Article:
I operate my store under the Spar fascia and use sales data from my store’s SparPos system to improve both my gross profit and the look of the store. Each week the system provides me with a category level sales and gross profit report and I use this as a basis of understanding the current strengths and weaknesses in the performance of my business. Every Sunday morning I record these figures on to a spreadsheet and analysis the data particularly searching for areas where we can make improvements.

SparPos hold 13 weeks of product line sales data and each quarter I take a complete copy of this information an again save it on to a spreadsheet. I have been doing this for several years so can see year on year on year changes easily. As the data is stored on a spreadsheet it is simple to look as a graph to see which way the gross profit is moving.

Sales data is my Sunday morning treat

As I said I set aside every Sunday morning to look at and analysis the sales data that is collected through my scanning tills. I am particularly looking for parts of the business that are under-performing and think about how the sales can be improved.

For categories or sub categories that go through a review and merchandise change process I look at the sales data on a weekly basis to see what differences the alterations have made. If the picture for a particular product is out of line with the effect of a remerchandising on the rest of the range then I know to investigate the reason and make a tweak.

An example of my process can be revealed from a recent remerchandising of my spirits range. On a recent visit to my In-laws I took a look at a new Tescos Express that had opened nearby. I do have to add that I use all visits to shops as a learning opportunity.  While I didn’t find anything to learn from walking around the store that changed when I approach the check out area.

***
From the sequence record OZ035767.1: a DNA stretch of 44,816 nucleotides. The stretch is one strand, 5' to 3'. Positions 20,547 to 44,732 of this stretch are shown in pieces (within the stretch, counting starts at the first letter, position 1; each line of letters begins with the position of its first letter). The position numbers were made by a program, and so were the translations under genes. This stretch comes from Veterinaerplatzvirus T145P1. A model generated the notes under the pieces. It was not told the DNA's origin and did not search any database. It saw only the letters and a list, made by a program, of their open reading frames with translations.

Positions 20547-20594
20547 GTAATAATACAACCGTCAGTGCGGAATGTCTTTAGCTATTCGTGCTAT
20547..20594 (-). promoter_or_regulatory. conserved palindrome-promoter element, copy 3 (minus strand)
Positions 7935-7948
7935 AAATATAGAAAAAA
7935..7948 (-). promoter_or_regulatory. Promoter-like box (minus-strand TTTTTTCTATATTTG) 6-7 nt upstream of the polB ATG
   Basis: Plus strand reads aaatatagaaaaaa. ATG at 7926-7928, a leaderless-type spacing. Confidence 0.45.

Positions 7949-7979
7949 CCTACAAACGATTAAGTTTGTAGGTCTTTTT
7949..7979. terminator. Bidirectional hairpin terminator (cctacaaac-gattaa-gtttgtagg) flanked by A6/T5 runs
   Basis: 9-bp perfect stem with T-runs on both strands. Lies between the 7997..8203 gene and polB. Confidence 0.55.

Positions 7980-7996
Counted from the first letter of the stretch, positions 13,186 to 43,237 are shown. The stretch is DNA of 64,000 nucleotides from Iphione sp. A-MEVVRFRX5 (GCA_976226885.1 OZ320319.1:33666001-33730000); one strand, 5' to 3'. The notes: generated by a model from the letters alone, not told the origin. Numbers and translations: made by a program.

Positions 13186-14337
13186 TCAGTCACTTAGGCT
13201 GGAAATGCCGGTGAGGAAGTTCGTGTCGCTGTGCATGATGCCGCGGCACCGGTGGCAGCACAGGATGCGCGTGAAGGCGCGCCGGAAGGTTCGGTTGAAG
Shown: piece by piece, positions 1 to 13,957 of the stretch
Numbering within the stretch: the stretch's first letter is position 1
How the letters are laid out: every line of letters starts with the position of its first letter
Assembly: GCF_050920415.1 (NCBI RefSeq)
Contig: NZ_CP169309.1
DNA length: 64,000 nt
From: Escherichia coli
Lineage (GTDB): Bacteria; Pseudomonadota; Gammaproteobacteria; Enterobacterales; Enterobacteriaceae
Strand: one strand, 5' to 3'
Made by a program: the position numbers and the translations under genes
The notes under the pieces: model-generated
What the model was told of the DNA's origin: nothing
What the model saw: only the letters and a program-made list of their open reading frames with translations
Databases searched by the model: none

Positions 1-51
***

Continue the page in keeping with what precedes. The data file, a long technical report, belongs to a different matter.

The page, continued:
Behind the counter their spirits display jumped out at me. It was much better than mine. When ever I see any display that I think that I can learn from I photograph it and this Tesco moment was no different.

Armed with the Tesco display photo I compared it to a photograph of the display at my store. I was surprised to discover that their product range was very similar to mine, but their merchandising plan looked more effective. As you can see from this series of photographs I changed my spirits merchandising plan several times before I was completely satisfied with the shelf layout.

Each change was driven by the sales data and I identified which lines were performing poorly and repeatedly tweaked the display until I was happy with how every line was working. I then had space to enhance my range of single malts.

The results are plain to see with sales up 11% and gross profit up by 12%.

An unexpected effect was that the weekly gross profit of my small fortified wine range that I had moved to a lower shelf and squeezed the space slightly had grown by 50% from £10 to £15!

My review of the scanning data is driven by 2 factors; to improve gross profit and to improve the look of the store. I know that this process is helped by borrowing great ideas from other retailers and my library of photograph help me with this.